I just recently dried a bunch of tomatoes on screens and then put the slices in quart jars.They can be reconstituted later and added to pizza or put into olive oil.
    Drying food for later use is about as basic as you can get. Drying/smoking fish is also great.
    It's easy to learn to make bannock in a skillet next to a campfire. It's a good heavy bread that's simple to make and you can add dried cranberries, nuts, honey, huckleberries or whatever.

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  3. An easy and very cheap way to dry food is in the oven. On mine, the lowest temperature is still too hot; you want it no hotter than about 120 F. So instead of turning the oven on, I put in a cord with a 60-watt light bulb, leave the door propped open with a wooden spoon, and it stays at about 80 degrees. I got 2 extra racks to utilize all the available space. I put a piece of fabric (sheer curtain fabric works great) over each rack, secure it with clothespins and lay my sliced food out on it, and leave it in for 2-3 days. In warm weather, you can also dry foods outside on the roof. I don't do jerky outside, because it attracts flies. But fruits and vegetables do fine. I've read that you're supposed to bring the food in for the night and put it out again the next morning, but that's extra work. I just leave it out until it's dry. If rain is a concern, you can make a wonderful drying rack out of 2 pallet caps, some bricks and a piece of plastic or a glass window. Put your food on one pallet cap, on a piece of mesh or fabric, then put another pallet cap over it. Set them up on bricks to provide air space and to keep the food up off the roof in case it rains. Then put a piece of clear plastic (a trash bag works fine) or an old window on top, and hold it down with bricks. Works beautifully. Also, a greenhouse is a great place to dry food in warm weather; not so good in cold weather.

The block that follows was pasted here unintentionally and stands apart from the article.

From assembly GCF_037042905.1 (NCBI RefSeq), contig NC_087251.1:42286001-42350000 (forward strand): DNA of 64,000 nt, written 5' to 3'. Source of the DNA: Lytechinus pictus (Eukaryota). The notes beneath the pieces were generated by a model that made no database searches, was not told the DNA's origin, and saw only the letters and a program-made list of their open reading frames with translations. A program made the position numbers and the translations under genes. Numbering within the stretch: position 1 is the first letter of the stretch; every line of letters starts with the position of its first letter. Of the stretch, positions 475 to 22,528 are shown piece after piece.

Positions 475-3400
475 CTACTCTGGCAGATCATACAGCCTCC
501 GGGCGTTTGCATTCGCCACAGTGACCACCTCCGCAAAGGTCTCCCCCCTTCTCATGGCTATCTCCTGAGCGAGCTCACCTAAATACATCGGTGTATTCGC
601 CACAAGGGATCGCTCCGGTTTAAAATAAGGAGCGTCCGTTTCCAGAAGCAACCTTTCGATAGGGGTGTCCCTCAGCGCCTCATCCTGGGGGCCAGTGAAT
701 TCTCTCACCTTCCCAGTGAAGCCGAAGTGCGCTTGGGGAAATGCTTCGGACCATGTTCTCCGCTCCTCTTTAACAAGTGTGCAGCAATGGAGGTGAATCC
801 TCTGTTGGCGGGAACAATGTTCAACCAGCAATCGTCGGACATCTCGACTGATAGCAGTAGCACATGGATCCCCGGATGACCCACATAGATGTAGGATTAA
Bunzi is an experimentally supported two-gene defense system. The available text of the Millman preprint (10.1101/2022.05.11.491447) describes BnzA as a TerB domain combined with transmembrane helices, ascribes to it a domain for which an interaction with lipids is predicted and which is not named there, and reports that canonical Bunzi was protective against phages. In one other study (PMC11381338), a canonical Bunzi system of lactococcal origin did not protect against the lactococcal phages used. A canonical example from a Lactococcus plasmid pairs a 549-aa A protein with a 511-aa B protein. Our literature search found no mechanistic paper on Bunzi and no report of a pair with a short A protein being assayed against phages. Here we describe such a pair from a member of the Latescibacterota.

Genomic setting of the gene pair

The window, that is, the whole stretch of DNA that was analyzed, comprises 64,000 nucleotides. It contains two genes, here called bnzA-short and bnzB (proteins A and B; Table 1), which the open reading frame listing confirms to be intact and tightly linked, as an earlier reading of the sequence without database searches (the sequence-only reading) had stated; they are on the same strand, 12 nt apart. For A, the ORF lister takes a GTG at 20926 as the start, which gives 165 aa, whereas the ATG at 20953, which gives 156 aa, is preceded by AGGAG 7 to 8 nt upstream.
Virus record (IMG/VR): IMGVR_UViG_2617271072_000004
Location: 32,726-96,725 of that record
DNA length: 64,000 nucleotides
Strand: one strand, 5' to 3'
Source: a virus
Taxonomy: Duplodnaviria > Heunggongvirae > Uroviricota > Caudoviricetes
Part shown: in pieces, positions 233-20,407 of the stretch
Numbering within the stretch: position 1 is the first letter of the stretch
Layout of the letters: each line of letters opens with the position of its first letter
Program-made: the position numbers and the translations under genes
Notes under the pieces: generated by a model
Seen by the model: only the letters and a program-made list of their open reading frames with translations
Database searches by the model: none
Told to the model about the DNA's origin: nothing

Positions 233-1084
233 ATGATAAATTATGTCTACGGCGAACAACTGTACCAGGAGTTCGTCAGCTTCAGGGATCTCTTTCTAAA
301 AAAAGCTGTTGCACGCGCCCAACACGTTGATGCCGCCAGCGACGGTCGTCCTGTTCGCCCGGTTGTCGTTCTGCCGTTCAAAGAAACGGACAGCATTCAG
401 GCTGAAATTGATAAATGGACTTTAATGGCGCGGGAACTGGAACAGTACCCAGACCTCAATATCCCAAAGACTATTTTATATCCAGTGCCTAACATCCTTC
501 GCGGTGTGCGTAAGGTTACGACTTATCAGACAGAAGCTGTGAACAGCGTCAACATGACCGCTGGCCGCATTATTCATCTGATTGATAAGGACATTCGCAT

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  4. The man who received the first patent for freeze drying, Dr. Royal Lee, in the early 1930's would not use freeze drying for his natural foods nutritional products. He determined by careful research that so many phytonutrients were destroyed by freeze drying that the products did not work very well. He used vacuum dehydration very successfully. PROPERLY dehydrated foods do not lose their enzymes or most other sensitive nutrients. The maximum dehydration temperature allowable varies for different foods.

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    • Scott Sessions DC, CCSP, CCN says:

      Royal Lee! That Dentist was one of the smartest men on nutrition. Thanks for the great comment. It's not just about calories...if it were, then just boil down leather and have a happy day. A new nutrient was just discovered about 10 years ago. The problem was "they" couldn't figure out how to get it into any kind of re-sellable form (pill, powder, liquid, etc) When Dr Lee's Multi-Vit/Min/Phytonutrient that he developed nearly 90 years ago was examined, this newly discovered nutrient was there. By the way, this super nutrient blows away everything on the market. The vitamins are real, not anti-oxidants. The kicker is...it's also the cheapest one out there. Even if it were not, it would still be the biggest bang for your buck. FYI, it's called Catalyn and you can read about it here: standardprocess.com I recommend this in your daily use and food storage.